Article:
</XDtPackage:packageOf>;
import javax.servlet.jsp.JspException;
public abstract class <XDtClass:className/>Support
      extends <XDtClass:className/> {
   public int doStartTag() throws JspException {  
      resolveAttributes();
      return super.doStartTag();
   }
   protected abstract void resolveAttributes()
      throws JspException;
}

This template is simple, as it only uses the name of the class being scanned. The other templates (RTTag.j and ELTag.j) are more complex, as they need to iterate through the attributes of the original tag handler in order to generate resolveAttributes() and the setters in the new class. For instance, the fragment below was extracted from ELTag.j:

   protected void resolveAttributes()
      throws JspException {
<XDtField:forAllFields>
  <XDtField:ifHasFieldTag tagName="jsp:attribute">
      super.<XDtField:fieldName/> =
         this.<XDtField:fieldName/>EL == null ? null :
         (<XDtField:fieldType/>)
         ExpressionEvaluatorManager.evaluate(
            "<XDtField:fieldName/>",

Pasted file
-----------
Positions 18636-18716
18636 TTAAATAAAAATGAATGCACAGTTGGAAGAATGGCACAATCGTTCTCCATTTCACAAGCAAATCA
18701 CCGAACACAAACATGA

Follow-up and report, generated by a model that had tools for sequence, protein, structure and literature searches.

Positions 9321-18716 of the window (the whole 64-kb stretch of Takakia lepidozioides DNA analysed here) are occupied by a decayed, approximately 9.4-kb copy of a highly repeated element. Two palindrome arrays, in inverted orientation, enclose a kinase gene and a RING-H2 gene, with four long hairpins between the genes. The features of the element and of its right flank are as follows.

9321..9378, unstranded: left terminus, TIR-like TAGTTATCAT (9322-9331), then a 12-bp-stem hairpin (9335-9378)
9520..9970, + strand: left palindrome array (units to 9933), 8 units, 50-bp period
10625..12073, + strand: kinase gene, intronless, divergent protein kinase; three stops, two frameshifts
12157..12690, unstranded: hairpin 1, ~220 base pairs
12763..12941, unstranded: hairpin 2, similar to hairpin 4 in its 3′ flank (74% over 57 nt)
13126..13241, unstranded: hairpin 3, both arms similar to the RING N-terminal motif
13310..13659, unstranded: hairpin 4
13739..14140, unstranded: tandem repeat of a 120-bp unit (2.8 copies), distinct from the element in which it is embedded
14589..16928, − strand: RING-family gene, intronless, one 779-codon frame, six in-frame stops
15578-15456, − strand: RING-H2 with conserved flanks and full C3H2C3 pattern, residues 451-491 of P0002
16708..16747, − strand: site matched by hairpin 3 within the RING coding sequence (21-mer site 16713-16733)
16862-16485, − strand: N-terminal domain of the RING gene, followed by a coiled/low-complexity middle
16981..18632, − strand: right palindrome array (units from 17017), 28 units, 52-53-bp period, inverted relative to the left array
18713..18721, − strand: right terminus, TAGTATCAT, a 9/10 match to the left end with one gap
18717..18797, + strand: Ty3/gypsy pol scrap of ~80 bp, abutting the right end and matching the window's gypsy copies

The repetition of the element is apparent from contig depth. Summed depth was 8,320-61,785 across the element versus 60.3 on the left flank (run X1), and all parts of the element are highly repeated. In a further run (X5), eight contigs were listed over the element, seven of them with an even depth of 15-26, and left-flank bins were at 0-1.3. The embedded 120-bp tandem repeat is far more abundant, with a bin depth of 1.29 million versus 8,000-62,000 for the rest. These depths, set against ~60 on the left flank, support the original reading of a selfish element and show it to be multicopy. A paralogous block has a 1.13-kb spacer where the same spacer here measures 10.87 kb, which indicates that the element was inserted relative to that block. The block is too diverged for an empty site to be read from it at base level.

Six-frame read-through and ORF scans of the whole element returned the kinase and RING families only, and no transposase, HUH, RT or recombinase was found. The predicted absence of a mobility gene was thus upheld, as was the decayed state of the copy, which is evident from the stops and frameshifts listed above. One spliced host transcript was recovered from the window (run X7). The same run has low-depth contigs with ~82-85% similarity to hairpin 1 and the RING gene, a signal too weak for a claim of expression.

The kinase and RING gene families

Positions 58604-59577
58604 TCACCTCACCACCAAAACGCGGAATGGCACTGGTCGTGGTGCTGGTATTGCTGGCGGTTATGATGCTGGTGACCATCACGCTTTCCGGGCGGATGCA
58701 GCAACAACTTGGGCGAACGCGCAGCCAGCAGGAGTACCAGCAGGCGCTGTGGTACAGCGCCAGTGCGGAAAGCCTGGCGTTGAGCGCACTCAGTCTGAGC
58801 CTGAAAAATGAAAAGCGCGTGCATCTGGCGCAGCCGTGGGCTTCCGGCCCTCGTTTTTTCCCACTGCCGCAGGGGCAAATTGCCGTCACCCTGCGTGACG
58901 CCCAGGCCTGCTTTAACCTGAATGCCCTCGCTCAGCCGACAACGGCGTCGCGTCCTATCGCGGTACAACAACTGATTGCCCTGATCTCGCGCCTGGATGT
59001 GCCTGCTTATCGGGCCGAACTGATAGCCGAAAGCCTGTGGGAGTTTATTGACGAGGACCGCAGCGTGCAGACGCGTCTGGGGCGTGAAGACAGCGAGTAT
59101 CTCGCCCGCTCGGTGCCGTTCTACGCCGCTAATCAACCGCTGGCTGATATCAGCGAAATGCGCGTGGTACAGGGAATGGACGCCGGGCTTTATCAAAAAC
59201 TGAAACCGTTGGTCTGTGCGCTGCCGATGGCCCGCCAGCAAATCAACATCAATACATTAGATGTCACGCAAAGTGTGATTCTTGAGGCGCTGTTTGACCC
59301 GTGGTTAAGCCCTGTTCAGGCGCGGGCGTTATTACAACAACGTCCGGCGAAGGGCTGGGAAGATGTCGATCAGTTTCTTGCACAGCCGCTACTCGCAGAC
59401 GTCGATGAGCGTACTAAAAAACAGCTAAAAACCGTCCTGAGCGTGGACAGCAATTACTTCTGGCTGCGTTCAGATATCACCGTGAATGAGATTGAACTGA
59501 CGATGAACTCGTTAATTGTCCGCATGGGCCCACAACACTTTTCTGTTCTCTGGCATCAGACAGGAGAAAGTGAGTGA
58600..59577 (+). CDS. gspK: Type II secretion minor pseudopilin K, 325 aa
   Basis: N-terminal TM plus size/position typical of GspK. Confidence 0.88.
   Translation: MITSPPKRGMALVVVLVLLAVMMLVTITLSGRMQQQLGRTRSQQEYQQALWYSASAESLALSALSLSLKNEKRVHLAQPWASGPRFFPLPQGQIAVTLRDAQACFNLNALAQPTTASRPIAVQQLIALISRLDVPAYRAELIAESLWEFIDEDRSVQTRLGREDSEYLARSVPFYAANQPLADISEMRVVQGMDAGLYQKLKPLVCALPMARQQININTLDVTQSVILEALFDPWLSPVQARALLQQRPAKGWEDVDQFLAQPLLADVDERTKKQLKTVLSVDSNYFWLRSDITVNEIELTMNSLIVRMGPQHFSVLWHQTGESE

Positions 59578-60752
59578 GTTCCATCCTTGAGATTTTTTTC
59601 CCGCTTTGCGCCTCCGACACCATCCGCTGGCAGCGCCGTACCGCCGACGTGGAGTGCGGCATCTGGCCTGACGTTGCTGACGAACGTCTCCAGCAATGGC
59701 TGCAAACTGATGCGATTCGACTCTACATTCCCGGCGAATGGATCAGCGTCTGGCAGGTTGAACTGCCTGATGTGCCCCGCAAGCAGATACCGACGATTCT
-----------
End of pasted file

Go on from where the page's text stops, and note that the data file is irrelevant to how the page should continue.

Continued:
this.<XDtField:fieldName/>EL,
            <XDtField:fieldType/>.class,
            this, super.pageContext );
  </XDtField:ifHasFieldTag>
</XDtField:forAllFields>
   }

Note: When I started writing this article, XDoclet's current version (1.2.1) didn't offer a way to capitalize an attribute name, so I created a patch and attached it to an existing XDoclet enhancement request. The patch was accepted, but as of this writing a new version has not been released yet. So, in order to use the solution proposed here, you have to either compile XDoclet from CVS or use the .jar files provided in this article's source.

Now that XDoclet has generated our classes using the new templates, we need to generate the TLDs for each taglib (the regular taglib and the taglib that supports EL). We could create new templates for the job, but as I said earlier, XDoclet already supports TLD generation (through the webdoclet Ant task), so it's easier to just take advantage of this feature. The trick now is to include XDoclet tags in the templates and then run webdoclet on the generated classes, as show in the buildfile fragment below: